How to persuade people without them noticing

 
Copywriting to persuade and engage your clients

As a child, I used to love trying to persuade people. My tactic was to come at them from every angle I could think of, relentlessly, until my dad raised my pocket money or my friend realised I was right. Unfortunately if you try this with a potential client they might invoke a restraining order. You certainly won’t win any business. But there are ways to persuade people without them noticing.

LinkedIn data reveals that persuasion is the second most in-demand skill in the global job market, only losing out to creativity. A similar study showed 57% of senior leaders value soft skills such as persuasion and adaptability over hard skills like computing or analysis. Persuasion isn’t just a catchy Jane Austen title, it’s a vital part of your communication tool kit. And it’s not just the secret language of marketing and sales departments - it can be totally natural, almost invisible.

Make them laugh

There’s a reason that comedic cartoons have featured so heavily on the front pages of political journals like The Economist and The New Statesman. They make you see the funny side of a situation and the funny truth about it too. Sam Leith describes laughter as “involuntary assent.” It’s what made Innocent Smoothies so endearing and why Cards Against Humanity make fun of their own customers.

Depending on a brand’s target audience, more or less humour is appropriate (I don’t want my legal advisor to crack too many jokes). But in the right place, humour helps people to trust a company. It says “we’re human too”.

Tell them what they already believe

“Life is for living.” “Prevention is better than cure.” “You can’t have too much happiness.” If you tell people what they already believe, they will be more inclined to agree with everything else you say. You can slip in a few facts they might not know about, a solution they might not have discovered. But essentially, you’re aiming at where they are already persuaded.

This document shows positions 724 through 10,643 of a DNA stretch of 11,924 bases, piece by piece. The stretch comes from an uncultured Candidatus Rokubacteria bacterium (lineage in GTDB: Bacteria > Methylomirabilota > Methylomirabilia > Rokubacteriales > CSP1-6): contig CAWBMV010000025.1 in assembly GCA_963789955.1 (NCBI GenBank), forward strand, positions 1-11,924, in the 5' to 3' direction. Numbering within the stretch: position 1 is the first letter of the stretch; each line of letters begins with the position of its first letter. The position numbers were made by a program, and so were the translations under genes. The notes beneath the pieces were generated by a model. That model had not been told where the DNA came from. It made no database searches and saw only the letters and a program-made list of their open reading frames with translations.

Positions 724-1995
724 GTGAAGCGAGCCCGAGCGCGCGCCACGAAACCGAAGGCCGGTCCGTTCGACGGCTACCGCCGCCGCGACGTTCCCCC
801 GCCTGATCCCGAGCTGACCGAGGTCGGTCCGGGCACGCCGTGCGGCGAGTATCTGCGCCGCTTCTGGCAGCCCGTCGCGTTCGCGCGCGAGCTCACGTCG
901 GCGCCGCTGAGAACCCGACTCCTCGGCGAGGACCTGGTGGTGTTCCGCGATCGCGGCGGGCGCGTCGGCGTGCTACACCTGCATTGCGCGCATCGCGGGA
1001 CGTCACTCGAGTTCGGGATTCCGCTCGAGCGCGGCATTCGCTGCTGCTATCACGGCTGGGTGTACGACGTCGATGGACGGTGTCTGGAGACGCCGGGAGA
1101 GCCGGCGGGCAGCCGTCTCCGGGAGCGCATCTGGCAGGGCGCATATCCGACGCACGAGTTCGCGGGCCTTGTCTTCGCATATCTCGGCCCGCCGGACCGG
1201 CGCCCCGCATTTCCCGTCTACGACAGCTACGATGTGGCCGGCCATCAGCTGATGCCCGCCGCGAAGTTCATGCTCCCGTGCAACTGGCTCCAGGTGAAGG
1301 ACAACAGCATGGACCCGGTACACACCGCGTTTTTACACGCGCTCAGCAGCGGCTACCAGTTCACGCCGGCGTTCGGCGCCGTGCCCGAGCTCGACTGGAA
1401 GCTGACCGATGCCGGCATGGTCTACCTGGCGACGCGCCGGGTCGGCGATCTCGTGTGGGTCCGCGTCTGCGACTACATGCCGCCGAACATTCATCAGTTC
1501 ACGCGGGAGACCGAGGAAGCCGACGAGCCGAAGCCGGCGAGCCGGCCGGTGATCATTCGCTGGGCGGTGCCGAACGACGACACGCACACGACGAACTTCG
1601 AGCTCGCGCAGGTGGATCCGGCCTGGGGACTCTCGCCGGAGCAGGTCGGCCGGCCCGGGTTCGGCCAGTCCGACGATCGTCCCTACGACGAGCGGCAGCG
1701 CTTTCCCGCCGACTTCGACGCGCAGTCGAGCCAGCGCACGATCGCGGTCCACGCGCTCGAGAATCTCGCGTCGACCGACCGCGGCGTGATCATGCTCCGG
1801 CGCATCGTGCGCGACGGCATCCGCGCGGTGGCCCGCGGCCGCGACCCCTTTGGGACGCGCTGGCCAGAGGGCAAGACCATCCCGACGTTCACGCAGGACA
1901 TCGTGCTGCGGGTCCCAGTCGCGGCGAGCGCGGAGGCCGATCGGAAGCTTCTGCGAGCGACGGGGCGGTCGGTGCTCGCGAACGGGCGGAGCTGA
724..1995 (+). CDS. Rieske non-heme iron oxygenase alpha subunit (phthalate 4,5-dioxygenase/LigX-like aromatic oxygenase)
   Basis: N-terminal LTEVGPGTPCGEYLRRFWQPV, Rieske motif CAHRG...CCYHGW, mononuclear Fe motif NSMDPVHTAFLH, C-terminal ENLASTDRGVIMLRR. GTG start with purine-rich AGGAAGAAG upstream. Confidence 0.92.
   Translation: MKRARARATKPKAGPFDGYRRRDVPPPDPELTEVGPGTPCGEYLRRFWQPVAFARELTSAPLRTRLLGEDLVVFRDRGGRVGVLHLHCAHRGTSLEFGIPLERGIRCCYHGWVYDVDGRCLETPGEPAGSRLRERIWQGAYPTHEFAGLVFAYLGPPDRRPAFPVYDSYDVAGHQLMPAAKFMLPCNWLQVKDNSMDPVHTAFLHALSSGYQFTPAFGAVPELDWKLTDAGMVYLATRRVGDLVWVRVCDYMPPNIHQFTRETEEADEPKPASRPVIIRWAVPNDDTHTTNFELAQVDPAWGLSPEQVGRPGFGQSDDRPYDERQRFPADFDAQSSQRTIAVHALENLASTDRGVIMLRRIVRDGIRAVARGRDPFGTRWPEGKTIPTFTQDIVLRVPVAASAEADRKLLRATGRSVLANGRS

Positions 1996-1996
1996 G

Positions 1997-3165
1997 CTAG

Aristotle wrote that the best arguments are those that the audience thinks they have worked out themselves. So that when you eventually suggest that they buy your product or service they will think “well of course I want to, obviously.”

Show that you’re one of them

“Friends! Romans! Countrymen!” The opening of Brutus’ speech in Shakespeare’s Julius Caesar has become iconic. He’s just about to defend the Roman republic, but before he did, he positioned himself as one of them. Not an aloof senator. Not a person of political ambition. One of us.

It’s a tactic that’s been used for thousands of years – but it still works. Check out Barack Obama’s “A more perfect union speech”, considered to be the turning point of his campaign in 2008. He says, “I am the son of a black man from Kenya and a white woman from Kansas… I’ve gone to some of the best schools in America and lived in one of the world’s poorest nations… I will never forget that in no other country on earth is my story even possible.” By associating himself with those he was trying to win over, he earned their trust.

Make them feel part of something

Another method of persuasion is simply to invite people in. Let them know what you’re honestly thinking. Handled well, a little vulnerability can be very attractive in an organisation. What are you doing behind the scenes? What are some of your frustrations? Some of your doubts? You don’t have to get apologetic but you can show that there’s a real person, like them, underneath any sales speak.

Engage with people on every level you know how - way beyond the limits of pointing them to a product. This was the genius of Nike’s Just Do It campaigns. They celebrated sporting achievement in ways that had little to do with shoes. If people want to be part of your community, they’ll instinctively like your products even if they never hear a sales pitch.

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